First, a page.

September 20, 2013

During KC visit, Obama revs up budget battle

To cheering and applause from union autoworkers in Liberty, the Democrat tore into Congress, demanding that it fund the government and raise the debt ceiling without touching his signature accomplishment, the Affordable Care Act.

A feisty President Barack Obama traveled Friday to Liberty for what he called “a little trash talking” — about the Chiefs’ 10-yards-or-less passing game.

Within minutes, though, it was clear he had an additional, more serious target in mind.

To cheering and applause from union autoworkers, the Democrat tore into Congress, demanding it fund the government and raise the debt ceiling without touching his signature accomplishment, the Affordable Care Act.

“We’re not some banana republic,” he told more than 1,000 at the new Ford stamping plant near Claycomo. “This is not a deadbeat nation. We don’t run out on our tab.”

Even as Obama flew to Missouri to make that case, though, the chances of a budget standoff grew. Just a few hours earlier, the Republican House easily passed a measure that would fund the government after Oct. 1 only while prohibiting any spending for Obamacare.

“The American people don’t want the government shut down, and they don’t want Obamacare,” Speaker John Boehner said.

The president said he would not accept the condition.

“They don’t like the Affordable Care Act. They’d rather have people not have health insurance. I’m happy to have that debate with them,” he said. “But you don’t have to threaten to blow the whole thing up just because you don’t get your way.”

Obama’s speech came at the end of a two-hour visit to Missouri, his second trip to the western side of the state this summer.

Before his remarks, he toured the new $260 million stamping plant in Liberty, built — with state tax incentives — to provide parts for the Claycomo assembly plant nearby.

He met with plant workers and Ford CEO Alan Mulally, who demonstrated some of the high-tech metal-fabricating machinery.

The Ford plant is expanding because the demand for its trucks is up. The presidential visit was intended to highlight the rebound in automaking, a rebound helped in large measure by billions of dollars in federal loans awarded to car companies


than Ford.

“Five years ago, plants like this one were closing their doors,” Obama said Friday. “Ford was standing on its own two feet, had made some smart decisions. But Alan will tell you, if GM and Chrysler had gone down, suppliers would go down. ... I refused to let that happen.”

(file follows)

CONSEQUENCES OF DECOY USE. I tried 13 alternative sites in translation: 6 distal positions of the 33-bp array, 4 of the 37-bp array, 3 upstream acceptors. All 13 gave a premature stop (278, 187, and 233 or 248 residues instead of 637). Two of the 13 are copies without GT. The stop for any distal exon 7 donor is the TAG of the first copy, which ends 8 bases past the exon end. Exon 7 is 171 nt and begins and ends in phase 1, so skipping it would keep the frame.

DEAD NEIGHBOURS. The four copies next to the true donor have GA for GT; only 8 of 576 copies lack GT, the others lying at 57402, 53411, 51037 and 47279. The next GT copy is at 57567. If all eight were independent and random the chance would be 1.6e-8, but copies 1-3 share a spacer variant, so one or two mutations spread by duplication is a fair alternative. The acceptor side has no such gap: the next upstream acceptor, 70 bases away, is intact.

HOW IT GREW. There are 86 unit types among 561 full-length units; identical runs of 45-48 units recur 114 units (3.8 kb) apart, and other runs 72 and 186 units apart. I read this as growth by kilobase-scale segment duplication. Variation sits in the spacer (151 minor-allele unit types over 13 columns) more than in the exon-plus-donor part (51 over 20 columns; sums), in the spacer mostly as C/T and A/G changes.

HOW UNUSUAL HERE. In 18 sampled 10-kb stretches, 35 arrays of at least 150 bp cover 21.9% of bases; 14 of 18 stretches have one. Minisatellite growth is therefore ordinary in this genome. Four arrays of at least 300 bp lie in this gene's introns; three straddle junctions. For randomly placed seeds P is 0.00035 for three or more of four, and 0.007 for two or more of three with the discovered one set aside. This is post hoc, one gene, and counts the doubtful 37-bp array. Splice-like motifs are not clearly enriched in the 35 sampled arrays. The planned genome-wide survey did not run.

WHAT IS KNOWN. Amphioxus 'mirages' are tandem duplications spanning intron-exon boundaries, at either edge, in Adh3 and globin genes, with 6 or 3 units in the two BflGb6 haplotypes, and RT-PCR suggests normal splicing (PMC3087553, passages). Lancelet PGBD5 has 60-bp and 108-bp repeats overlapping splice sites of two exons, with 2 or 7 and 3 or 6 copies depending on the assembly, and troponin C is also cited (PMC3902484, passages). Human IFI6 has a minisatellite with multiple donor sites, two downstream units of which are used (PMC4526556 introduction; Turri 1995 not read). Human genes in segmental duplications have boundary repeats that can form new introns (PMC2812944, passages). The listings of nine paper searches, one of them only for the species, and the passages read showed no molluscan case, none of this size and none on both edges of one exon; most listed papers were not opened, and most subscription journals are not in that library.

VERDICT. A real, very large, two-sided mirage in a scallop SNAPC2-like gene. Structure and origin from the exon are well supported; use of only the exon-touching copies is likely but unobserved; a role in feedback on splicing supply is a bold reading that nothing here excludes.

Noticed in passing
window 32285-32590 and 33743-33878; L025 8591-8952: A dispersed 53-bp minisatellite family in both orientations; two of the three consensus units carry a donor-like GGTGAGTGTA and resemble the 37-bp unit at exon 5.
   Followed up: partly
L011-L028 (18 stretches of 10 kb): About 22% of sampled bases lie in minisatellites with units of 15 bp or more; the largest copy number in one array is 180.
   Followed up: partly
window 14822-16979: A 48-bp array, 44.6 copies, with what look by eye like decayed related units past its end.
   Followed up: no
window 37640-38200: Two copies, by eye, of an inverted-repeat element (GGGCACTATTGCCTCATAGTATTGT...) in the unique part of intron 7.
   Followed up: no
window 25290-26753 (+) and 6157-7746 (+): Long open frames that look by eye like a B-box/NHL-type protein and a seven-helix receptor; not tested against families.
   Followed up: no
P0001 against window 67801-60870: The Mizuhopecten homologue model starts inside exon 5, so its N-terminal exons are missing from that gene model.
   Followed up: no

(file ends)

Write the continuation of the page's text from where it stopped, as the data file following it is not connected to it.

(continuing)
The Claycomo plant suffered a major blow in 2010 when Ford decided to move production of the Ford Escape to Louisville, Ky., without offering specifics about the plant’s future.

But Missouri responded with tax incentives worth up to $150 million over 10 years, convincing Ford to expand. Gov. Jay Nixon, who helped fashion the package, welcomed Obama when he arrived at Kansas City International Airport and was in the audience for the speech.

Sen. Claire McCaskill and U.S. Rep. Emanuel Cleaver traveled on Air Force One with Obama and listened to the speech. Health and Human Services Secretary Kathleen Sebelius, Kansas City, Kan., Mayor Mark Holland and Kansas City Mayor Sly James were also on hand.

James praised the president’s combative stance with Republicans in Congress.

“It’s a call to arms again for middle class values,” he said. “He’s pumped up. He’s ready to roll.”

Obama’s criticisms of congressional budget decisions appeared more aggressive than other recent speeches. He vowed again not to negotiate over the debt ceiling increase — the federal government is expected to run out of borrowing authority this fall.

“They’re focused on politics,” he said. “They’re focused on trying to mess with me. They’re not focused on you.”

The debt ceiling problem is less immediate than the government funding bill. Without a compromise on a stopgap spending measure, a political standoff would shut down much of the government next month.

Typically, catch-all funding bills advance with bipartisan support. But tea party members, adamantly opposed to spending for health care, pressured GOP leaders to add a provision to cripple the health care law.

“Obamacare is an unmitigated, disastrous train wreck,” Rep. Sam Graves, a Missouri Republican, said in a statement after the House vote Friday. “The House demonstrated leadership in voting to both fund the federal government and remove the country’s largest obstacle to job creation and economic growth.”

The funding measure moves to the Senate. Democrats there are expected to try to remove the Obamacare language and send the bill back to the House.

The White House says Obama will veto the bill if it includes the anti-Obamacare provision.

The speech Friday centered on the budget battles and the health care law, but it had lighter moments as well.

Obama told the crowd he had noticed the Kansas City Chiefs’ 3-0 start.

“When I said I was flying into Kansas City to see an incredible success story in action, I did not think I was going to be talking about the Chiefs,” he said.

“Before you get carried away, I just want to point out that the Bears are 2-0... and we’re actually able to pass more than 10 yards.”

The crowd responded with laughter and a few boos.

“Just,” he said, “a little trash talking.”

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